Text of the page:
Acadia National Park
Located off the Maine coast, most of Acadia National Park is 47,000 acres spread over Mount Desert Island. However, portions of the Park are located on the Schoodic Peninsula and Isle au Haut.
Six visitor information centers are located within or near Acadia National Park, including the main visitor center in Hulls Cove (northwest of Bar Harbor), a nature center at Sieur des Monts (south of Bar Harbor), a visitor center on Thompson Island (along the road leading into Mount Desert Island), another visitor information center in Village Green in Bar Harbor, the historic Museum at Islesford on Little Cranberry Island, and the Rockefeller Welcome Center on Schoodic Peninsula. Many significant features of Acadia are easily accessible from Bar Harbor, including Hulls Cove visitor center, the beginning of the Parks Scenic Park Loop Road, and the winding, 27-mile-long loop road, which includes the dramatic ascent to Mount Cadillac. It is also possible to hike up to its 1,530-foot peak from Bar Harbor (via multiple trails) to get views encompassing most of Acadia and the surrounding islands.
After looping around Cadillac Mountain, the Acadia Scenic Park Loop Road leads down to the Maine coastline at Sand Beach. Acadia’s Park Loop Road is a classic scenic drive featuring views of the ocean, lakeside beauty, and dramatic rock formations. Acadia has miles of historic highways, with the best-known being the 27-mile scenic Park Loop Road, which links the region’s lakes, mountains, and coastlines. There are over 130 miles of hiking trails for you to explore on foot and 45 miles of carriage roads to ride your bike.
Unique attractions include sandy beaches, rock beaches, thunder holes, and dark skies for milky way photography. Magnificent rocks can be found at Otter Cliff; these features make the Park a top ten photography location worldwide.
The Precipice Trail is another appropriately named steep hike with many ascents leading up to Champlain Hill, another of Acadia’s highest peaks. Two simple, marked hiking trails along Maines’s southern shores of Mount Desert Island–Ship Harbor and Wonderland–head down into the peninsula, which has its west coast and offers an unobstructed vista to the horizon.
Much less traveled than Acadia core, the region just west of Somes Sound has trails running down Long Pond’s edge (1 mi) and up Bernard Mountain (3.2 mi). Located south of Bar Harbor, the Park Sieur de Monts neighborhood features the Wild Garden of Acadia, the Park’s nature center, and the oldest branch of the Smithsonian-affiliated Abbe Museum. Acadia National Park features diverse landscapes, including granite-domed mountains, woods, lakes, and part of the mainland in the Schoodic Peninsula, comprised of islands along Maines’s rugged coastline ponds and ocean coastlines.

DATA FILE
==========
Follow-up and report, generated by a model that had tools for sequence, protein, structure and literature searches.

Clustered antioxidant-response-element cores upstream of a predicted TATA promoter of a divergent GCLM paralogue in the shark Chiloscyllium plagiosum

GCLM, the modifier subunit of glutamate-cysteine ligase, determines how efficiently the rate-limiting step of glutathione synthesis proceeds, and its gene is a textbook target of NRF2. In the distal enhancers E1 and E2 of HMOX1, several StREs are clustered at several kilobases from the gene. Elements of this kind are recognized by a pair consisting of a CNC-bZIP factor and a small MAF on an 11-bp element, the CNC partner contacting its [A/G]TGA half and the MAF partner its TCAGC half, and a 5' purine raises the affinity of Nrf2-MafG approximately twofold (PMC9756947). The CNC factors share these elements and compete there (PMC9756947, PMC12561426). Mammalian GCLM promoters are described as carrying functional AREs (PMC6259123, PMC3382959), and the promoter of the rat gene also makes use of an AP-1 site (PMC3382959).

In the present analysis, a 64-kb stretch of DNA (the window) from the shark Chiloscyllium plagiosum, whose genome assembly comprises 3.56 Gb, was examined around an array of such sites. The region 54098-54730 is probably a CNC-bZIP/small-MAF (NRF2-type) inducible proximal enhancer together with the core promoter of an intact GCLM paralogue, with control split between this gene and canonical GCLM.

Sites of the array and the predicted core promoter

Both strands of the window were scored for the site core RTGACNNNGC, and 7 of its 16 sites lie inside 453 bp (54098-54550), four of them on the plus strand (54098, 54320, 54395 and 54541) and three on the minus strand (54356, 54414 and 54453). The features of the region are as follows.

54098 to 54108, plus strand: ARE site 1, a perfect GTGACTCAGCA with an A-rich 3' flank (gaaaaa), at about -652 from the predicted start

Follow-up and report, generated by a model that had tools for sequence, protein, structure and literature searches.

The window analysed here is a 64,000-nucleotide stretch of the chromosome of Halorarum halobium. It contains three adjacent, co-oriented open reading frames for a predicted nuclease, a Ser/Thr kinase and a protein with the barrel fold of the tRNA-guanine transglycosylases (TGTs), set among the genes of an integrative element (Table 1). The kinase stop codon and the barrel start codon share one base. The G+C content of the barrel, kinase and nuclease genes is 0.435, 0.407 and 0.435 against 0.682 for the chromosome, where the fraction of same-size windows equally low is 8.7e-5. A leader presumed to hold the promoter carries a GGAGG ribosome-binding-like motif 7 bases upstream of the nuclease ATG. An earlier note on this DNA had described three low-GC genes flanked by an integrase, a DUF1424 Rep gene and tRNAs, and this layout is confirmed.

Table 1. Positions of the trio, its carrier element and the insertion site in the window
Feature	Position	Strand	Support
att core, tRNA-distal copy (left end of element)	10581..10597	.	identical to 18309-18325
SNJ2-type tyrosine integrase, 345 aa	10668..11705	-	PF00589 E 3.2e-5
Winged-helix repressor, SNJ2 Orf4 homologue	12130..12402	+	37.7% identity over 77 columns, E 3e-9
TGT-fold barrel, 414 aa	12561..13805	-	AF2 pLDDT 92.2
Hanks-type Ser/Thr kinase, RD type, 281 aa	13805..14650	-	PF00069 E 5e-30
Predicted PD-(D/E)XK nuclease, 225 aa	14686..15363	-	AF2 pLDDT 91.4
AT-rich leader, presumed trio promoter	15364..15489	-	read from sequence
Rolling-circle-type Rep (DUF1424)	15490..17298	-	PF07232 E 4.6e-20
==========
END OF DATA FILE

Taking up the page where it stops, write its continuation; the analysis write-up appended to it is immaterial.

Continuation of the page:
Acadia National Park preserves the natural beauty of rocky headlands, including the highest mountains along the Maine coastline. Acadia National Park is, as the National Park Service puts it, the crown jewel of the North Atlantic Coast, and for a good reason; it holds the highest peak along the entire Eastern Seaboard, the viewpoint that offers the first glimpse of sunshine when it rises above the horizon to illuminate the U.S. mainland. Acadia is unlike anywhere else, with miles of shoreline along the Atlantic Ocean.
Acadia preserves a sliver of coastal Maine, one of the nation’s most-loved parks, where northern forests drop steeply down into the wild Atlantic. Acadia, Maine, is a great place to get outdoors, with granite-strewn cliffs and miles of woodland trails on the shoreline. Acadia National Park, the only National Park in Maine, is known for its fall foliage. Acadia National Park sunrises (one of the first places in America to see sunrises) and the rugged, pink granite coast.
The Park has some of the best places for natural areas to photograph and towns and villages throughout the Acadia region, from Bar Harbor on Mount Desert Island, Mount Desert Island, to Winter Harbor on the Schoodic Peninsula.
If you cannot find somewhere to stay directly next to Acadia, try looking for cabins beyond Acadia, near Ellsworth, Northeast Harbor, or Winter Harbor. Acadia is open year-round, though many facilities inside and near the Park are closed from October to the end of May.
Another notable benefactor is John D. Rockefeller, Jr., who purchased and donated 11,000 acres of forests, shorelines, and scenic areas to the Park. Subsequent projects and partnerships have included Acadia Trails Forever, the first-ever dedicated trail system at a U.S. National Park, which raised $13 million from 1999-2001, and the Island Explorer. This free propane-powered bus system has served Acadia National Park and the surrounding communities since 1999.